For a moment, around the time of The Forbidden Kingdom, it looked like Jackie Chan was going to start “acting his age”. This prospect had the satisfying feeling of things coming full circle, with the potential for Jackie to deliver some entertaining mentor roles like those Simon Yuen did for him decades ago in Snake in the Eagle’s Shadow and Drunken Master. Things have not gone according to plan.
Given the downward trend of Jackie’s career of late, Little Big Soldier makes a fascinating case study. Doubly so as it is directed by Ding Sheng, who instead of building on what this film does well, would go on to direct a string of middling fare — culminating thus far with the nice looking but unnecessary remake A Better Tomorrow 2018 — and the terrible Railroad Tigers, which tried and dismally failed to recapture the spirit of Jackie’s 80s Hong Kong action-comedies. Little Big Soldier takes the right approach, aiming to do the best it can with what it actually has and while it never really zings, it at least produces a fairly unique film.
Jackie Chan plays The Soldier, basically a human-sized hobbit character from the Lord of the Rings trilogy — a down to earth chap caught up in wider events. His fighting gimmick is also being a crack shot with a thrown stone. Unlike the brave, but naïve hobbits who leap into the fray, The Soldier is more world-weary and would rather avoid fighting.
Leehom Wang (My Lucky Star) plays The General, an injured enemy leader captured by The Soldier after a battle leaves most of both sides dead. The rest of the film concerns the efforts of The Soldier to drag The General back to his home for a reward. It’s a smart twist on the usual buddy film setup from most of Jackie’s Hollywood movies. Rather than being thrown together by circumstance, it’s the direct decision of The Soldier, even in the face of many an obstacle, that keeps these two together for most of the story. Jackie also gets to be the wiseguy, rather than the straight man as in most of his American buddy films. Leehom Wang therefore gets to be the stoic and resolute one. They have some team-building moments throughout the film, but the development in their relationship is constantly being reset which makes a lot of what happens feel like it doesn’t mean anything.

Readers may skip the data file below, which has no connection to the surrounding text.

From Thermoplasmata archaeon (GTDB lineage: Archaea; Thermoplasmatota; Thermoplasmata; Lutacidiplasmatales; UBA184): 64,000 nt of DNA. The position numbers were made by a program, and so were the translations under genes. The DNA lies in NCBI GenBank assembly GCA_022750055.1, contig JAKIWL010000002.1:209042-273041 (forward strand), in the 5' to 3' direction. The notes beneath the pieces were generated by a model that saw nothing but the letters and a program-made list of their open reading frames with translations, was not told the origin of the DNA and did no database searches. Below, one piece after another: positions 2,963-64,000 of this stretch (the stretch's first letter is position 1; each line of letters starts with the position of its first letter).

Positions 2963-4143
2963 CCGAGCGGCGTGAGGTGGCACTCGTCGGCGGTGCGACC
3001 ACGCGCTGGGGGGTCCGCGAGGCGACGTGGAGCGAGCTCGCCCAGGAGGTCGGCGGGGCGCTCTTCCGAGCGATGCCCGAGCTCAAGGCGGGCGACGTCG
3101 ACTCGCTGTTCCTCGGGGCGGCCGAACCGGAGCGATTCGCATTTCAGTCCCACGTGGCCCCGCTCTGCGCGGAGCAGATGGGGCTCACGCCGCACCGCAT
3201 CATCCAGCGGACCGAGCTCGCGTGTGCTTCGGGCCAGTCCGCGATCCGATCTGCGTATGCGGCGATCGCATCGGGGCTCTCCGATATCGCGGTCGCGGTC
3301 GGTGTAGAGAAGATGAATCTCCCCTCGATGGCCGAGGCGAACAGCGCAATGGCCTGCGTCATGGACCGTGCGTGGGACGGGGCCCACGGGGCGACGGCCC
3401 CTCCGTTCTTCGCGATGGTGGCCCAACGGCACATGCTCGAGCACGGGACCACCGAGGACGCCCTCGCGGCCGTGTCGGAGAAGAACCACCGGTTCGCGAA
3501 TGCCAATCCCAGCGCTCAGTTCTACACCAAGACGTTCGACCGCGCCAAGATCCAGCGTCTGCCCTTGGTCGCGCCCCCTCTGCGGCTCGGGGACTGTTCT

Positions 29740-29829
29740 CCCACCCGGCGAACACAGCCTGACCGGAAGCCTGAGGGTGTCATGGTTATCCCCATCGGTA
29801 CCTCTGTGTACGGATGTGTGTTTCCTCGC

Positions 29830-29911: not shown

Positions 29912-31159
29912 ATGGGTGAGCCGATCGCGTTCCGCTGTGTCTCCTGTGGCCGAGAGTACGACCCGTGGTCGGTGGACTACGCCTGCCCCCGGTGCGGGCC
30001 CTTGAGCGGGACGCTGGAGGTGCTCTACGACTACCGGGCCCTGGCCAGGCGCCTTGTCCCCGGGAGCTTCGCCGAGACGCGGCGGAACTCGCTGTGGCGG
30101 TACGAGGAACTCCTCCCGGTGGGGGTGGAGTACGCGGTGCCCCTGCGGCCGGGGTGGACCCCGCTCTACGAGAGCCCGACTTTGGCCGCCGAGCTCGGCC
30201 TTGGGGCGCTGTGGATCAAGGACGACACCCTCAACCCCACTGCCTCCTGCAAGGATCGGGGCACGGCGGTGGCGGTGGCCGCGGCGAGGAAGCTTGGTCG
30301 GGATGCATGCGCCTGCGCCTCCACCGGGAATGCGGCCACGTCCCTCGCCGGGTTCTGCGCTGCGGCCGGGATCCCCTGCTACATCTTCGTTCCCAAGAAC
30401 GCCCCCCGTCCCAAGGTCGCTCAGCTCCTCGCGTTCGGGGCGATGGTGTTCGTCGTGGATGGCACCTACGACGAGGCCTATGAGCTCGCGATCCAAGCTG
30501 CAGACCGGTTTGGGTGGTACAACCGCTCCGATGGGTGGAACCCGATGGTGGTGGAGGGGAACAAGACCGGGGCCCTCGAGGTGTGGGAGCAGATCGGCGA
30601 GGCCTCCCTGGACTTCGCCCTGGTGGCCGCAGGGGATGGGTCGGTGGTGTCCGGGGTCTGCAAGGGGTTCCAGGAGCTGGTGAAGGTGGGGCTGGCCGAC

Hunting these two through the wilderness is a villainous posse led by Prince Wen, played by a decidedly unmenacing Steve Yoo (Man of Tai Chi, The Wrath of Vajra), who nonetheless gets to show off how buff he is at the eleventh hour. A group of nomad bandits are lurking around as well, and a couple of other characters cross paths with the central duo, but they don’t get much screen time. The Songster (Lin Peng) gets less than ten minutes on screen and a story so vague it makes little sense. Yu Rong Guang livened up a few Jackie films (e.g. Shanghai Noon and New Police Story) in supporting roles, but there’s only so much an actor can do with two minutes. Wang Baoqiang (Kung Fu Jungle, Monk Comes Down the Mountain) as an army messenger has the best cameo, but that’s because it relies on humour.
The film is not trying to be a comedy caper though. The opening scene features The Soldier looting the battlefield dead and much of the humour shades toward the black end of the spectrum. In fact, the whole proceeding is draped in an air of melancholy. Those sweeping views of mainland China often associated with historical epics feel desolate here, as the magnitude of events is mostly inferred and the scope narrows to focus on an isolated human response. The music too complements the low-key focus, shying away from grand themes in favour of a more folksy style. It’s unfortunate the strings kick in to signify when it’s time to feel emotional, as the story and acting don’t really need it and come off more melodramatic as a result.
Even the action is scaled back from the former Jackie standard. He spends a lot of time hiding, scampering, and relying on trickery to avoid combat. This leads to a couple of funny moments putting real-world practical film tricks to use. When it comes down to it, The Soldier is not that great a fighter if he can’t peg a rock at someone. On one level this is a bummer, but I appreciate the seeming acknowledgement that it’s time for Jackie to slow down. It really seemed like a deliberate statement that the most complex action scene in the movie isn’t even “real”.
With the overall restraint on show, what ultimately has to carry the film are the characters and story. The Soldier makes for a winning everyday protagonist and The General makes a decent foil without being pompous and annoying. Their journey is a kind of road trip rumination on what’s worth fighting over, and the conclusion is surprisingly affecting. Also like a road trip though, it’s in danger of becoming monotonous and there are a couple of unnecessary detours. Little Big Soldier is no classic, but it succeeds well enough within the limits it sets for itself.